“This is probably the most Northwest album we’ve ever made,” continues Mills. “It plays to the more overcast days than any of our other music has before. I don’t like pointing out the dark elements without pointing out that the darkness is a positive thing too. That’s the whole point of this album — and I hate this phrase — seeing the beauty in the darkness. It’s finding that sad songs can make you really happy. Everyone’s felt sad at some point. I think sometimes we ignore those feelings, and I think part of growing up and getting perspective is being able to see that those things are what life is about, and to appreciate those things even if they are painful.”
“I think there is a lot of longing on this album,” adds Mills. “Especially ‘Everything At Your Feet’ which is about a breakup and missing someone and wearing your heart on your sleeve. But all the tracks have an element of longing in them. ‘Just A Memory,’ with Regina Spektor, certainly. While ‘Falls’ is about feeling the kinship and community, and realizing that feeling bad about something is actually okay.”
Alternatively pensive, introspective, thoughtful, and triumphant, but ultimately jubilantly anthemic, A Moment Apart nudges listeners through a gamut of the self-discoveries that can only occur when you takes a moment to step outside yourself and look in.
“We decided to call the album A Moment Apart since it has those darker overtones we hadn’t used before. We were trying to think what represents the time you grow the most, and to me you grow the most in a moment away from all the noise,” explains Mills. “When you have a moment to reflect is when you form your strongest opinions and effect your greatest changes and growth.”
“I think the name and the album itself are not so much about isolation as the internal energy, something that happens from within when you step back from everything,” adds Knight.
Which is something the two of them did after touring relentlessly for the past four years, with few breaks.
“I think about it like being at a party and walking outside and looking out at the moon. That’s a beautiful moment and one you experience by yourself,” adds Mills.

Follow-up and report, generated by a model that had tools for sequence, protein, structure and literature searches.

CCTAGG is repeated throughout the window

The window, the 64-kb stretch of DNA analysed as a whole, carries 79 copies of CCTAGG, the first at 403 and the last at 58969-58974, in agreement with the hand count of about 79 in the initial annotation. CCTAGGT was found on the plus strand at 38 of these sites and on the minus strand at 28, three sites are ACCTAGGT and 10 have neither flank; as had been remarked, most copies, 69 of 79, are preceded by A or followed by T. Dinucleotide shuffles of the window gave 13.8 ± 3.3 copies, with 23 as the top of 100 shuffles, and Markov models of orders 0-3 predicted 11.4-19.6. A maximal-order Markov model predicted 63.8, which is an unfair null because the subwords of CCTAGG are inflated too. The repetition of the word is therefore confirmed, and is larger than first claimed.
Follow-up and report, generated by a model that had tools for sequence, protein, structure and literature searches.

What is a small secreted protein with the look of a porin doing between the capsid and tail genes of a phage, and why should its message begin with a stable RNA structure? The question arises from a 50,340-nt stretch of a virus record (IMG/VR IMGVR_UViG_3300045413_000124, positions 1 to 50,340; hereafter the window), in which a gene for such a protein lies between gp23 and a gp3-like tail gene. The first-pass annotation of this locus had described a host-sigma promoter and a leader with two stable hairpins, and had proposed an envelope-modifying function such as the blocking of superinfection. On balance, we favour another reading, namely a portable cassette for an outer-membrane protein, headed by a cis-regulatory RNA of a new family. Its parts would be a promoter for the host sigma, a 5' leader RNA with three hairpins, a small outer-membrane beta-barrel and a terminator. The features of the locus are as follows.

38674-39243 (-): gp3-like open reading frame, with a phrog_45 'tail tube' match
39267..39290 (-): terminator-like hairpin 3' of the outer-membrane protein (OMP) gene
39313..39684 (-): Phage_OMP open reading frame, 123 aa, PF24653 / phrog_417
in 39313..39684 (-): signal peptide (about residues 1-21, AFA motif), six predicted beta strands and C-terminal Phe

“I remember when we first started out, my goal was to make music I felt like I could dance to and play in my car and still wear my headphones and have a personal experience with,” he continues. “Something you can put on at a party with your friends, and everyone enjoys it, but also have a very intimate approach with it. That hasn’t changed for me in the past five years.
“It’s up to us to try to evoke emotion, not decide what it is. If they hate it, they hate it. If they love it, then they love it.
Knight and Mills, who write continually, finished the ominous yet euphoric “Line Of Sight” while they were in Australia in April 2016. But the real work on the album began when they got home to Seattle toward the end of the year.
“We really buckled down for the next six or seven months in the ODESZA /Foreign Family Collective studio during the longest, darkest winter I’ve ever experienced in Washington,” says Knight.
But despite the bleakness of the weather, A Moment Apart is airy and triumphant, filled with possibility and a sense of infectious hope, and an interesting and overweening symmetry.
“We finished ‘Intro’ and ‘Corners Of The Earth’ first, and decided they would be the album’s first and last song,” begins Mills.
“Those two songs embodied what we were hoping the album would turn out to be,” Knight finishes, as is often the case with these two.
The album represents a well-considered step forward for ODESZA. “Our first album was about discovering our sound,” Mills says. “The second one was us trying to do something new with it and becoming more songwriters than instrumentalists, and this one was understanding what we do and trying to push it.”
It’s ODESZA’s most ambitious album, yet also their most human one, despite the futuristic found sounds and cinematic sweeps and flourishes. Their goals for the album are sonically grand yet surprisingly modest.
“The album’s really about coming full circle and finding balance in both the sadness and the beauty. But mostly, we just want people to feel something when they listen,” says Mills. “It’s emotive music.”
“The album’s about perspective, and it’s about changing your perspective and not looking at something just at surface level. If there’s a theme of the album, that’s it.”